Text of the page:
“In an ever-changing regulatory landscape, data fabrics allow enterprises to embrace new data and analytics technology advancements, while ensuring the right data is securely provided. It’s also nimble and allows for organizations to embrace new data and analytics technology advancements such as data science, real-time data, and the cloud faster to stay ahead of competition.”
Data fabric technology is also trending in the world of artificial intelligence (AI) and machine learning (ML) automation for big data, primarily because the distributed design discourages the data silos that make data annotation and machine learning more difficult.
Scott Gnau, VP of data platforms at InterSystems, a data analytics and integration company, describes this functionality in smart data fabrics, explaining that data fabrics are key to the data quality necessary for automation:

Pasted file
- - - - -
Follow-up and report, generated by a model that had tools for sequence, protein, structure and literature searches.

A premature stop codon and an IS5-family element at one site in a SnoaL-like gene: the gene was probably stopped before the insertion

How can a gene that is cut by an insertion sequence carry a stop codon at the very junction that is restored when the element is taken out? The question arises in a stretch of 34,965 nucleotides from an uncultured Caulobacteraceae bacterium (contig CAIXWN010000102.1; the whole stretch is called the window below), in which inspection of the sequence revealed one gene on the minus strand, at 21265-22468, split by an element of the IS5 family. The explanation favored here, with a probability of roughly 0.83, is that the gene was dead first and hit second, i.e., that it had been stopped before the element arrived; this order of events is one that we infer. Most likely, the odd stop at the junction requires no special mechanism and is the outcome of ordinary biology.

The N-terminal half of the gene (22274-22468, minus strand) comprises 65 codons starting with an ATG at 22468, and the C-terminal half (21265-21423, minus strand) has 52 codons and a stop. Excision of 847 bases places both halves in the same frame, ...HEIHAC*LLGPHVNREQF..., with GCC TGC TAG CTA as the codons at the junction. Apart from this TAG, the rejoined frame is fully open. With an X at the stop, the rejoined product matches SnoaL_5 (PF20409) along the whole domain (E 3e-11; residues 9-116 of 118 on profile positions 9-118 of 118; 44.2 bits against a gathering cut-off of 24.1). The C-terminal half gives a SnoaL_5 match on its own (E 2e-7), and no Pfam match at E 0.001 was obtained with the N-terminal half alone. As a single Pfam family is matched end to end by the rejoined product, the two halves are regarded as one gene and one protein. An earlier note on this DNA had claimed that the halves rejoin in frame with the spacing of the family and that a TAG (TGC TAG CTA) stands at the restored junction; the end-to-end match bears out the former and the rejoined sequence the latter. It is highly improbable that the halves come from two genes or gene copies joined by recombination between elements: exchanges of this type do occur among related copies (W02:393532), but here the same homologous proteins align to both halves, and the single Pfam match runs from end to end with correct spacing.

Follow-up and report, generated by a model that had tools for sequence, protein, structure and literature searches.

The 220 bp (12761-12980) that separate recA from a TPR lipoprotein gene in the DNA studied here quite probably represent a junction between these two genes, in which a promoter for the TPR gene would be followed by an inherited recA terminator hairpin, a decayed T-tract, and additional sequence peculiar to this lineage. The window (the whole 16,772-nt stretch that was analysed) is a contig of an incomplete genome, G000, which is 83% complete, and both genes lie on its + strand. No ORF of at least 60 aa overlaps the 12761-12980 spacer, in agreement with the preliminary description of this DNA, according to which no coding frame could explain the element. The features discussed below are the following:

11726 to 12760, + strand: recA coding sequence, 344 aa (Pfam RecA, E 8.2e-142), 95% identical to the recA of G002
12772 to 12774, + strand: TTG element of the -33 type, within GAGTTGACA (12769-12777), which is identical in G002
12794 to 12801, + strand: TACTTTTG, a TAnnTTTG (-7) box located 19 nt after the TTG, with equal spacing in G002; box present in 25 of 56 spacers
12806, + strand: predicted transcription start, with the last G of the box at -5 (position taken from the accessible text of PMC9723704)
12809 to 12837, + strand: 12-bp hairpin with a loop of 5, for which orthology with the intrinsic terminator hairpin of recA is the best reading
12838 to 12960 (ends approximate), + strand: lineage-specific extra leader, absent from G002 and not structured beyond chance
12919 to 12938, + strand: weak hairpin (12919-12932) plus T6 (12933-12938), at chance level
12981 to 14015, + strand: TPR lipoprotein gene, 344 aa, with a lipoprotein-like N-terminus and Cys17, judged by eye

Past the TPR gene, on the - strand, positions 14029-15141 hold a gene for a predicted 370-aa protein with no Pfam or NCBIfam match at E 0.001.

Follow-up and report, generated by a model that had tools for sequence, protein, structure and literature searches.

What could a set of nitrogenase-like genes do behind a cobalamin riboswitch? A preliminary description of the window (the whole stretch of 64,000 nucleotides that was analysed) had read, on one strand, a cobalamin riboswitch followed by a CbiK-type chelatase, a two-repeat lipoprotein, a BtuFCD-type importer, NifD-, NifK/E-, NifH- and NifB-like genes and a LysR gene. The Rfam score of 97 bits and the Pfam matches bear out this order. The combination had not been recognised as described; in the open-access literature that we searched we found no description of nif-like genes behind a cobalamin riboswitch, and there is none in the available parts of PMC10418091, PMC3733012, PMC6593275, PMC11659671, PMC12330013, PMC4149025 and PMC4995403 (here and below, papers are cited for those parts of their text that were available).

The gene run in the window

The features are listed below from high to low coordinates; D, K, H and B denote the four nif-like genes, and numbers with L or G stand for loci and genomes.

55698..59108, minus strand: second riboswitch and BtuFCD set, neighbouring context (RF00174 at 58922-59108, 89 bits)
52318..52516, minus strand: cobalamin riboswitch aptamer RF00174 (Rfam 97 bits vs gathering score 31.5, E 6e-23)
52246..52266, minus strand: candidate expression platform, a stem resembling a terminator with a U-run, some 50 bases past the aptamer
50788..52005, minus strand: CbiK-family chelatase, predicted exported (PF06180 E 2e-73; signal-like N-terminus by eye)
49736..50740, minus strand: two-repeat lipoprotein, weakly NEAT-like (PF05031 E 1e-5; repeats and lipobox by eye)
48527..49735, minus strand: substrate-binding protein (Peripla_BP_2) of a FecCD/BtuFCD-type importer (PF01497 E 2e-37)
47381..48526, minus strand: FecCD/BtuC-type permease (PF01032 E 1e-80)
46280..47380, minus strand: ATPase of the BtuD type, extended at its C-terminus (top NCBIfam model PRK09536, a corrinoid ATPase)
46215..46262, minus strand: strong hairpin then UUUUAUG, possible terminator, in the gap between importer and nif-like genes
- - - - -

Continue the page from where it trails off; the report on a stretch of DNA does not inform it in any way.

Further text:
“The next generation of innovation and automation must be built on strong data foundations,” Gnau said. “Emerging technologies, such as artificial intelligence and machine learning, require a large volume of current, clean, and accurate data from different business silos to function.
“Yet, seamless access across a global company’s multiple data silos is extremely difficult and with more and more data pouring in from disparate sources, organizations are in need of architectures that bring the composable stack and distributed data together for actionable real-time insights.
“Organizations of all sizes are turning to smart data fabrics as it presents one such reference architecture that provides the capabilities needed to discover, connect, integrate, transform, analyze, manage, utilize, and store data assets to enable the business to meet its myriad of business goals faster and with less complexity than previous approaches, such as data lakes.”
Much of the increase in big data over the years has come in the form of consumer data or data that is constantly connected to consumers while they use tech such as streaming devices, IoT devices, and social media.